At the start of the millennium, cybersecurity was significantly less complex. Recent working practices now demand complex data in huge amounts, ready to share across organisations and across borders, as part of routine day-to-day activity. Back then, data was often straightforward, and the information that was circulated was severely restricted (gone are the days of server rooms located in your office). Plus, there were less sophisticated threat actors who weren’t able to attack with the complexity and speed that we witness today.
All of that is a thing of the past. Multi-cloud computing, SaaS applications, microservices, API gateways and more – all, especially since the pandemic, have moved more data online, which has widened the attack area for each business’ digital environment. Just as concerning, hackers are increasingly advancing in skills and funding, sometimes sponsored by hostile states, meaning there is never any downtime against threats.
This year alone, 61% of all breaches involved compromised credentials, whether they are stolen via social engineering or hacked using brute force. This is concerning, as exploiting pre-approved authorisation is the primary way that bad actors gain access to secure networks, and as data will be the foundation of a business, a single password dump that contains that company’s access codes could lead to their downfall. Therefore, more organisations are turning to identity management solutions to secure their systems. However, Role-Based Access Control (RBAC), and more recently Attribute-Based Access Control (ABAC), can no longer be relied on for comprehensive protection. Only Policy-Based Access Control (PBAC) can grant businesses the flexibility and transparency needed to keep their assets out of the hands of bad actors.
The downsides to RBAC and ABAC
Just like double denim, RBAC should have been left in the 90s. First invented in 1992, and then refined throughout the early 2000s, RBAC used to be viewed as the best tool in identity management and was widely utilised by many large, multi-national organisations. However, compared to modern standards, the technology was the digital equivalent of a rudimentary keycard. The employee simply inputs their username and password, and if their name is on the appropriate list, they are granted access. It is a blunt tool, insensible to the rapidly shifting facts on the ground—all it can do, essentially, is say “yes” or “no” based on permissions assigned days or months in advance. For obvious reasons, RBAC is more than ready for retirement.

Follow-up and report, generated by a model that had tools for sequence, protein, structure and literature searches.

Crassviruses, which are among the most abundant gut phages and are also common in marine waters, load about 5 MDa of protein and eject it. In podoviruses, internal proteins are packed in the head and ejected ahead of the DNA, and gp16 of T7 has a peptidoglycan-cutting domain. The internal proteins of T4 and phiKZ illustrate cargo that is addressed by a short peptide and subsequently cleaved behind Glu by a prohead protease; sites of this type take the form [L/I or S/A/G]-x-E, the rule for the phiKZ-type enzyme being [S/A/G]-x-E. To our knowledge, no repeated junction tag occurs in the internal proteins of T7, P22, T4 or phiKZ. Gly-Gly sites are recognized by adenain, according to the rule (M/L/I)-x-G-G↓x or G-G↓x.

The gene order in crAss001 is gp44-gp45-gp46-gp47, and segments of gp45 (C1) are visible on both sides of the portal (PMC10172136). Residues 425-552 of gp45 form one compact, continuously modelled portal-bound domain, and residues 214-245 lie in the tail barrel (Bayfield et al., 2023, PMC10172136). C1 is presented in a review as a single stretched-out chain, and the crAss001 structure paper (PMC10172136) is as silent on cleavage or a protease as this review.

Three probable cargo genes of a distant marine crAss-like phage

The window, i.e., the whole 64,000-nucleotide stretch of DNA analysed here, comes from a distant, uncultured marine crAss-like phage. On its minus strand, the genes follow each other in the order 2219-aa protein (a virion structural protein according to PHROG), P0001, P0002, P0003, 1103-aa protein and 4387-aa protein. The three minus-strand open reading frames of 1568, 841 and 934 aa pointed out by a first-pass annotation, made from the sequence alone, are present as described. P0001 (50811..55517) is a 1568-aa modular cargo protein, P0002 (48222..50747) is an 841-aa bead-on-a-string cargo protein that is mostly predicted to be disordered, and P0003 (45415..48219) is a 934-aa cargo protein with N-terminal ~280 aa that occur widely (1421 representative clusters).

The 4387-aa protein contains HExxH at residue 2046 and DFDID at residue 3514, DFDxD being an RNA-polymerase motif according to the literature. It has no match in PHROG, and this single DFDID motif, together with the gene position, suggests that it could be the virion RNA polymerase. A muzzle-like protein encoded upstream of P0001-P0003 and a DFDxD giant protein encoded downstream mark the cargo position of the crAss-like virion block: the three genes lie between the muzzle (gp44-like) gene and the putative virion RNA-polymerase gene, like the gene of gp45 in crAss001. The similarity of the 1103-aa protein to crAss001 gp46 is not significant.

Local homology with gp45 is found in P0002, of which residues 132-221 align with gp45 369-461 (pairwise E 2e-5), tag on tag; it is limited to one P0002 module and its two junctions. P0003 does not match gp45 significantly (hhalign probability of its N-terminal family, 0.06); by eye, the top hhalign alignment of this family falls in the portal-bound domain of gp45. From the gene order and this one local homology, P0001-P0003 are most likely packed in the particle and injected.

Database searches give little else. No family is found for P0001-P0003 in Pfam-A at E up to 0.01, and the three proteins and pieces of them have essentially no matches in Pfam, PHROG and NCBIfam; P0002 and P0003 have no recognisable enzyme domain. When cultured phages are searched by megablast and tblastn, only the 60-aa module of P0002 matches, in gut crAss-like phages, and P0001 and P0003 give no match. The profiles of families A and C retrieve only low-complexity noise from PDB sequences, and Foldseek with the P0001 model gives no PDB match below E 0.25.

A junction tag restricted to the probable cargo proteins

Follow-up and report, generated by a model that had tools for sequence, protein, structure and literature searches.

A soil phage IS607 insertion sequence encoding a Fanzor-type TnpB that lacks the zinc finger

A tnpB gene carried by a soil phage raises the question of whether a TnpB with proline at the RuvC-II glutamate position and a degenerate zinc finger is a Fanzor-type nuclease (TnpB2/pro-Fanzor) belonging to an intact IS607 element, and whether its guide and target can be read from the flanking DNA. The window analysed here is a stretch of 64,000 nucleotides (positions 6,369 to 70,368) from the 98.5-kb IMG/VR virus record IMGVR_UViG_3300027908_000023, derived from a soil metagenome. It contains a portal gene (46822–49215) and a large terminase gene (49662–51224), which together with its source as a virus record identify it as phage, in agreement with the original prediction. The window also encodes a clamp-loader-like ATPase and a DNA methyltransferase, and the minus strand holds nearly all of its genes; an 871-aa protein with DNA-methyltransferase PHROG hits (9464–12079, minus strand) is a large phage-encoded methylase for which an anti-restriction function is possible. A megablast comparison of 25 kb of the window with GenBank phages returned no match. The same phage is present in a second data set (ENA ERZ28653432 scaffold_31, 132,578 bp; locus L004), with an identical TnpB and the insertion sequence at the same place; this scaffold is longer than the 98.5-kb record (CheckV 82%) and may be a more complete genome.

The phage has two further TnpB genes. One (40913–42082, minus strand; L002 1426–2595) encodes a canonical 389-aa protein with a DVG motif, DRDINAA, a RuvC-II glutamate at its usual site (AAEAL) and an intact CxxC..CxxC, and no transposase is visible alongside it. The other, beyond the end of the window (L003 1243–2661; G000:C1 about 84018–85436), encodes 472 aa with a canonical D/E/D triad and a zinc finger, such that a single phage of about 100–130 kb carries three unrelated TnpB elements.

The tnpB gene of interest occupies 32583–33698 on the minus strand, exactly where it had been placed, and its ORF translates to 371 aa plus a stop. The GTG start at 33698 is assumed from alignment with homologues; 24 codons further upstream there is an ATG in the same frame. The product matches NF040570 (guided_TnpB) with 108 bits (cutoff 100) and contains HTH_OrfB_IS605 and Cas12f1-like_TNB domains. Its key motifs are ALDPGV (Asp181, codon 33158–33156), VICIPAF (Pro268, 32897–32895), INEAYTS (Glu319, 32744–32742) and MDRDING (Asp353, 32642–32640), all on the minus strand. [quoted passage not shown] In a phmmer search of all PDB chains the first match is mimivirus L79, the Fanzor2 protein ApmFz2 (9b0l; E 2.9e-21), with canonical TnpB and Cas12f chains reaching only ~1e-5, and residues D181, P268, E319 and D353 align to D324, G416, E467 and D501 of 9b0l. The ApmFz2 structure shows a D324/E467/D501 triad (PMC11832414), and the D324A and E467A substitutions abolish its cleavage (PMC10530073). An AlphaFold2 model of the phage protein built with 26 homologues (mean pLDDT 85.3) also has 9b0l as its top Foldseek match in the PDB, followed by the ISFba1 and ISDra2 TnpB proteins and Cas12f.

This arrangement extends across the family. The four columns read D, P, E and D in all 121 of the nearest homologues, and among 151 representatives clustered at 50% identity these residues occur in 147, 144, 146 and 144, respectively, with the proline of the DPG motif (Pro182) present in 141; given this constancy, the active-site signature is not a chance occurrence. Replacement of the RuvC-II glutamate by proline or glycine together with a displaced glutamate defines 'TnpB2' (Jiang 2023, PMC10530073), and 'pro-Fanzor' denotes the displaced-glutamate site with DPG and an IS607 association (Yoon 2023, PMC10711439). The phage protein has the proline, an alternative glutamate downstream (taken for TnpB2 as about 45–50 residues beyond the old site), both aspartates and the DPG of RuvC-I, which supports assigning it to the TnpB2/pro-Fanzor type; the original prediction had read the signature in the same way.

In later years, more organisations turned to ABAC. Compared to RBAC, ABAC is significantly more sophisticated, allowing organisations to implement fine-grained technology that focuses on a user’s attributes. This could include the resource they’re trying to access and the context in which an access request is made. If I had to recommend deploying either ABAC or RBAC, at a minimum, businesses should be choosing ABAC.
However, ABAC is also not without its flaws, as it is complex. When assigning rules, they must be written in eXtensible Access Control Markup Language (XACML), making ABAC almost completely inaccessible to those without an IT degree. This is especially problematic when time is of the essence during a cyber-attack – the longer it takes for an IT department to change permission and isolate the threat, the more sensitive data can be taken.
PBAC – the best of both worlds
PBAC helps to bridge the gap between RBAC and ABAC. It offers varying levels of access controls, depending on the sensitivity of content, making it much more flexible to the needs of the business. It also considers the context in which access requests are made – allowing managers greater oversight into what files are being accessed and can potentially prevent insider threats before they even occur.
Yet, the main benefit to PBAC is its user-friendliness. Rather than needing to input commands in XACML, managers can use a Graphical User Interface (GUI) to code policies in plain language, which means complex policies can be written, revised, and put into practice without the need for extensive IT knowledge. This allows managers to be even more involved in the permissions process, which is especially important when teams are still working in hybrid settings and there needs to be flexibility is needed when accessing company resources. In addition, PBAC can interact at every level of the technology stack, from data lakes and warehouses, to APIs and beyond.
Whilst it had humble beginnings, think of PBAC as the next chapter in identity management. If there’s a plan to improve your existing digital infrastructure going forward, choose the twenty-first-century identity access management solution – PBAC.